"Content is King." Great, but how do you record the best content you possibly can? While you can make 100% of your content with your smartphone, if you want to delve into more professional waters, a dedicated camera will be in your future. Here's a (very short) list of the best video cameras for beginners to get your started.
1. Your Smartphone
When you first get started, you should start with a camera that is easy to use and understand. What better way to start than with the camera you've undoubtedly already become accustomed to.
If you have a smartphone from the last 3-5 years, you already have a camera capable of filming in 4K or better. Pair it with a phone tripod or mobile gimbal and you can start filming right away.
The problem is that most smartphones aren't equipped with external microphones or good image stabilization. And while most people don't mind watching shaky handheld footage on YouTube, when it comes to creating professional quality videos, those issues need to be addressed before they become problems.
However, if you're serious about filmmaking and want to get the best performance out of your camera, here are five options that'll give you better image quality, more features and more control over how your videos turn out:
2. Sony A6600
Sony’s latest mid-range mirrorless camera is a great all-rounder with a flip screen and a wide range of features that make it a perfect video camera for beginners. It has a 24MP APS-C sensor, which means you can shoot in low light and still get some beautiful shots.
The A6600 also sports 4K video recording at 50 Mbps and can record up to 60p in Full HD at 100 Mbps. That’s not only great for shooting video, but also for slow motion too as you can simply record at 50p or 60p and then slow down the footage in post. There’s also an expandable battery slot that lets you use larger batteries if you need longer battery life during longer shoots.
3. Canon EOS M50 Mark II
The Canon EOS M50 Mark II is a great choice for those looking to get started with video without spending too much money. This camera also features an APS-C sensor, which rivals the low-light performance of the majority of other cameras on this list. It also comes with built-in image stabilization, which helps keep your footage steady even when using longer focal lengths or lenses with large maximum apertures.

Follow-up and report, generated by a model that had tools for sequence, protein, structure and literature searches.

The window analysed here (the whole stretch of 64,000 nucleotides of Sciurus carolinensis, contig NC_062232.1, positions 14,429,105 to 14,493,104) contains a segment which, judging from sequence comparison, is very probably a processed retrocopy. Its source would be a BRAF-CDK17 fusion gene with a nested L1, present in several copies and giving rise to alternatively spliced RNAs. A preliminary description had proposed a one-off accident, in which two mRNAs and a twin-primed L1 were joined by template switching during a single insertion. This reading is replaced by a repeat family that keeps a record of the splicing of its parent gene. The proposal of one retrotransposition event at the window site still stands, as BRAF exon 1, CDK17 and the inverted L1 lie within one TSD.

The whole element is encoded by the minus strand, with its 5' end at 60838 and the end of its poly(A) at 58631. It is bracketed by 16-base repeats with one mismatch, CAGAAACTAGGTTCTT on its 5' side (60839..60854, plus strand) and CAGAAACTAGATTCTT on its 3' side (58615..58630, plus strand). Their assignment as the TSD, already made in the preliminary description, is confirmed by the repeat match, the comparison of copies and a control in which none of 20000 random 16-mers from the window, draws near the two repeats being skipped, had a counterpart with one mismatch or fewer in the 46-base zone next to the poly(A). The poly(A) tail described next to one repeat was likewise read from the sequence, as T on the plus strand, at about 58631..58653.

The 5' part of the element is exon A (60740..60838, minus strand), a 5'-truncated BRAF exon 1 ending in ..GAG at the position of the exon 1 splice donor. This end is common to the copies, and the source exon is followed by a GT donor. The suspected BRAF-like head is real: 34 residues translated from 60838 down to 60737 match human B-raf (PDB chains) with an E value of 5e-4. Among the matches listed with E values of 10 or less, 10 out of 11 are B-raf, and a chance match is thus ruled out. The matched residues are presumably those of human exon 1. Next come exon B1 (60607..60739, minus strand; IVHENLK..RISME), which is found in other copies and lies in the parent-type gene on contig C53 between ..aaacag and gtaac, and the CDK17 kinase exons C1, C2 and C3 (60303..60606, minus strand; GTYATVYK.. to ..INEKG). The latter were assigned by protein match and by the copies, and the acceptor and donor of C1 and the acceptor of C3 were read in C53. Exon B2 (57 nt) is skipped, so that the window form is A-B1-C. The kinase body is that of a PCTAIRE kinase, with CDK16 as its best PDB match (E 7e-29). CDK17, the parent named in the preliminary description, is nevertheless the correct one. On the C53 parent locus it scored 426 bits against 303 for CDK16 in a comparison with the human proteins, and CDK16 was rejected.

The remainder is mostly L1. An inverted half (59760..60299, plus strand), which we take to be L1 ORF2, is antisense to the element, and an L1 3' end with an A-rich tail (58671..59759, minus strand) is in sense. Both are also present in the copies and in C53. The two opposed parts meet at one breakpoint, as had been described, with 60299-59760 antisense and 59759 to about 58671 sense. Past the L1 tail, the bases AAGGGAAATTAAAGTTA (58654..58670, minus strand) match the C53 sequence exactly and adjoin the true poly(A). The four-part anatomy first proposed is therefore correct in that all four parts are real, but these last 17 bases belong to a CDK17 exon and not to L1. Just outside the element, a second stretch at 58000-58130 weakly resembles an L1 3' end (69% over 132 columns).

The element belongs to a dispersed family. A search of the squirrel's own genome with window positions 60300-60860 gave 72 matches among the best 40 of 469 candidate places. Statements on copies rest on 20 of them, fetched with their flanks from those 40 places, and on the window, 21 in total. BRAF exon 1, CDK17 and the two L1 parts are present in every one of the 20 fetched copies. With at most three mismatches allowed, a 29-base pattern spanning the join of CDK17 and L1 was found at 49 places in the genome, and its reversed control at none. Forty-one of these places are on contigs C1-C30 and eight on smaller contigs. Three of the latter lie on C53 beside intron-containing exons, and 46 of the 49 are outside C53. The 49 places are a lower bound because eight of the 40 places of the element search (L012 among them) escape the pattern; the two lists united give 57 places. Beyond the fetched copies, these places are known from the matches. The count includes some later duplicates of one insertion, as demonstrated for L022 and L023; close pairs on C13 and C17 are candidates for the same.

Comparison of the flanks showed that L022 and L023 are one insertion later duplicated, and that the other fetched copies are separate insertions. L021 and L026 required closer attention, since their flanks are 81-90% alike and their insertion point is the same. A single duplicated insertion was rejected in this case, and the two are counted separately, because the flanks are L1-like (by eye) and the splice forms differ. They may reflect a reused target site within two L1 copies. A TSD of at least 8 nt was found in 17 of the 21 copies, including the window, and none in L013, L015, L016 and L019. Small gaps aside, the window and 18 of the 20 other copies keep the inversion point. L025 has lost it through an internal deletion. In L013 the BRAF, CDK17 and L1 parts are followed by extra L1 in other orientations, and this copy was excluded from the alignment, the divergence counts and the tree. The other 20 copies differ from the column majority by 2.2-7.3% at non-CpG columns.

The M50 Mark II has two main built-in microphones that record stereo audio but don’t feature any external ports for adding an external microphone like you would find on other models from Canon. You can control audio levels through the menu system or by adjusting them during playback on the rear LCD screen. The downside is that it doesn’t have 4K recording capabilities like some of Canon’s other mirrorless cameras do (such as the EOS R mentioned later).
4. Panasonic LUMIX G100
While Canon and Sony are the industry leaders, many have chosen the Panasonic LUMIX G100 as an alternative. While its image quality isn’t as good as the two leaders’, its price point makes it a competitive option.
It has a 20.3MP CMOS sensor and a Micro Four Thirds lens mount. These lenses are generally more compact than the norm, and some creators prefer the images it produces.
5. Sony A7S Mark iii
Sony’s A7s cameras have been lauded by content creators for years. If you have the budget, investing in an A7S iii will cover all of your bases for years to come.
The camera boasts a 12-megapixel sensor with a wide dynamic range, making it ideal for shooting video in low-light situations. It also comes equipped with Sony’s 4K XAVC HS codec and supports 4K recording at up to 30 fps. Its ISO range goes up to 409,600 (expandable up to 102,400) which makes it ideal for shooting in dark environments.
Even though this camera's price point is well above that of the previously mentioned video cameras for beginners, the A7s iii is seen as the king of the mirrorless camera space.
6. Canon EOS R
While Canon dragged their feet with taking mirrorless cameras seriously, their new “R” line is on par with Sony’s best offering and delivers stunning image quality. The EOS R has a gorgeous 24-megapixel sensor that delivers excellent low-light performance, plus it’s capable of shooting 4K video at 30 fps.
Canon also includes its Dual Pixel AF system with every EOS R camera, which allows for fast and accurate autofocus, even in live view mode. This autofocus is arguably the best you'll find and is the same system Canon uses in their cinema camera line.
There are some limitations compared to the Sony A7 iii — the EVF is not as good as Sony’s OLED viewfinder (which is one of the best in the business), and there’s no IBIS (in-body image stabilization). But if you want a high-end mirrorless camera from a trusted brand name and you don’t mind paying extra for it, then this should be at the top of your list.
There are endless options to choose from, and decisions to be made on whether you’re Team Sony, Canon, or other. But when it comes to choosing the best video camera for beginners (and beyond), you can’t go wrong with any camera on this list.